MN PUC OK’s Qwest-CenturyLink Merger

Approval from the Minnesota Public Utilities Commission is one of the final steps toward closing the $10.6 billion merger, which the companies plan to do in April.

The multibillion-dollar acquisition of Qwest Communications International, Inc., by CenturyLink, Inc., has cleared a crucial regulatory hurdle in Minnesota.

The Minnesota Public Utilities Commission (PUC) on Thursday approved the pending $10.6 billion merger, which the companies announced in April 2010.

The PUC's approval is one of the final steps necessary for completing the merger, which the companies hope to do in April.

The key sticking point in the deliberations surrounding the merger involves smaller competitors that depend on Qwest's systems, through which they share portions of Qwest's phone network and access services at a wholesale price. These competitors have voiced concern regarding the merged company's ability to foster competition and continue to provide access to services.

Qwest and CenturyLink have reached agreements with many of those smaller carriers, including several in Minnesota. As part of the approval process, the companies committed to investing at least $50 million in broadband infrastructure in Minnesota over five years.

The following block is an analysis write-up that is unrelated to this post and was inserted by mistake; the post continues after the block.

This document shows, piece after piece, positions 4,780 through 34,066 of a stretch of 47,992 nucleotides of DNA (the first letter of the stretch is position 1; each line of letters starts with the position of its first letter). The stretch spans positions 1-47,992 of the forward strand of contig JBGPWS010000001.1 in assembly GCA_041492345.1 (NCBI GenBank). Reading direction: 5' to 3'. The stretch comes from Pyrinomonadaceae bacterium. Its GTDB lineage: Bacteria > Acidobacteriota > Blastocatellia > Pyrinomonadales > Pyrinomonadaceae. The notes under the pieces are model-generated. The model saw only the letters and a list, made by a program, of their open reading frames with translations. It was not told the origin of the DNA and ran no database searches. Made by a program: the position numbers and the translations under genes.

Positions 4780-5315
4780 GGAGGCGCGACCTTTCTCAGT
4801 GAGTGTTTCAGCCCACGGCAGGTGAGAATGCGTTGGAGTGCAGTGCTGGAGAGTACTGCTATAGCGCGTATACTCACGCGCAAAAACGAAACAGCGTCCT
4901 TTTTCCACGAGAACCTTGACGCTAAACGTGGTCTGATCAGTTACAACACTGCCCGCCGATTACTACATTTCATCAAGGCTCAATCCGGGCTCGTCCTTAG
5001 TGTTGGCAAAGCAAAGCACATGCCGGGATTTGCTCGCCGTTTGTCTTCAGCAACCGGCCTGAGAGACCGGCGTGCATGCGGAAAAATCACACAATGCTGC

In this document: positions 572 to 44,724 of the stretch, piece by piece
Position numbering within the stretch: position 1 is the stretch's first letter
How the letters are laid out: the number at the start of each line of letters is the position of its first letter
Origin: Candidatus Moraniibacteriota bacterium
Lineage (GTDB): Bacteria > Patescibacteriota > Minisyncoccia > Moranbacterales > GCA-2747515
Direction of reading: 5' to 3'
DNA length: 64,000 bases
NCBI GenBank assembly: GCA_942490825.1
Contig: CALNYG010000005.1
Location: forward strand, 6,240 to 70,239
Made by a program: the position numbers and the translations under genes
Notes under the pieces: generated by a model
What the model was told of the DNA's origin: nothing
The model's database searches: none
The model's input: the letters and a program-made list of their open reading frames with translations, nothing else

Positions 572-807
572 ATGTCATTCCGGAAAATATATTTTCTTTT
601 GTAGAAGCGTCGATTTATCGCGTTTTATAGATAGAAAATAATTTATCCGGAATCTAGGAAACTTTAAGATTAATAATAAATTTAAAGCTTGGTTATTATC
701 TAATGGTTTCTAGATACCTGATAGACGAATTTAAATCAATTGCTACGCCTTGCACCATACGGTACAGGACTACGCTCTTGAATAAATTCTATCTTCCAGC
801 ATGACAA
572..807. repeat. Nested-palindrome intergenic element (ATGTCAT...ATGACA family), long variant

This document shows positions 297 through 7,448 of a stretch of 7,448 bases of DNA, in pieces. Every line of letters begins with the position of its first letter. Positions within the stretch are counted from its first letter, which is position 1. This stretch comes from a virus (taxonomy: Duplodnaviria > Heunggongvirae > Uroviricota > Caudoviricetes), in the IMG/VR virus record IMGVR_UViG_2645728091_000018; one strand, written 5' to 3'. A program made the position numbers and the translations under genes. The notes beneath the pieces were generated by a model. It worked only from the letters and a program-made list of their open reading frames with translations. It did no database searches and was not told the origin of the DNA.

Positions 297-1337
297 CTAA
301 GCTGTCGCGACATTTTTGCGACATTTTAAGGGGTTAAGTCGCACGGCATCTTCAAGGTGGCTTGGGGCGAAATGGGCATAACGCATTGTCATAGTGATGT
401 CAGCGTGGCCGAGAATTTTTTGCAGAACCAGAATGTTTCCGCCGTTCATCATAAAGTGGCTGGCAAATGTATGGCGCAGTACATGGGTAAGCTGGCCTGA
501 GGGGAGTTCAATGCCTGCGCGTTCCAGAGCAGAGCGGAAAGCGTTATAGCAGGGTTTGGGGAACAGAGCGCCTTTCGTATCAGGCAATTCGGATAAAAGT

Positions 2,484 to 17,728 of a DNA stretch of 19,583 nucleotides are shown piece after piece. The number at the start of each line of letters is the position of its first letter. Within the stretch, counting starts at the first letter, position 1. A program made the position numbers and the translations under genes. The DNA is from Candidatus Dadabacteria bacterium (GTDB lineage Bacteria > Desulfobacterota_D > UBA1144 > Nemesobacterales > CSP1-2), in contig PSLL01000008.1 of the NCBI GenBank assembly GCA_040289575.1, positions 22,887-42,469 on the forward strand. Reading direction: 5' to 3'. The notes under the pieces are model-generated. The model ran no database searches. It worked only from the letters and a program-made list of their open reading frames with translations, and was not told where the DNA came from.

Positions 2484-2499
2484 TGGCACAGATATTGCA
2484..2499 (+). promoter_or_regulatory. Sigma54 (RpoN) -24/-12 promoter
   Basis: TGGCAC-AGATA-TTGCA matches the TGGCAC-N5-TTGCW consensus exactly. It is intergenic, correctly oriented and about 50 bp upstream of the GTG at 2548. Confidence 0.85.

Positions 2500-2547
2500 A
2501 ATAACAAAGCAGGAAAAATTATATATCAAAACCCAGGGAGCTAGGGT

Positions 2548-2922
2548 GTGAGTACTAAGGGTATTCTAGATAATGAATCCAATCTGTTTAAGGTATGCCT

“We are looking forward to bringing a wider variety of communications solutions and greater broadband availability to Minnesota than either company could offer alone,” Duane Ring, CenturyLink's northeast region president, said in a news release.

The merger has also garnered support from the Minnesota Department of Commerce, the Federal Trade Commission, key unions, competitor Integra Telecom, and 18 other states.

“We are pleased with the PUC's decision to approve our merger with CenturyLink,” John Stanoch, president of Qwest's Minnesota operations, said in a statement. “Both Qwest and CenturyLink have long and proud traditions of providing communication services in Minnesota, which will be carried on by the employees of the combined company.”

Stanoch, who has led Qwest's local operations for a decade, announced in November that he will leave the company following the merger.

To close on the transaction, the companies still must receive approval from Oregon, Washington, and the Federal Communications Commission.

Qwest is Minnesota's largest telecommunications provider and employs about 3,300 in the state. Upon announcing the potential merger, Qwest projected that the combined company will have almost 18 million phone lines in 37 states. The companies anticipate serving roughly 1.45 million lines in Minnesota following the merger.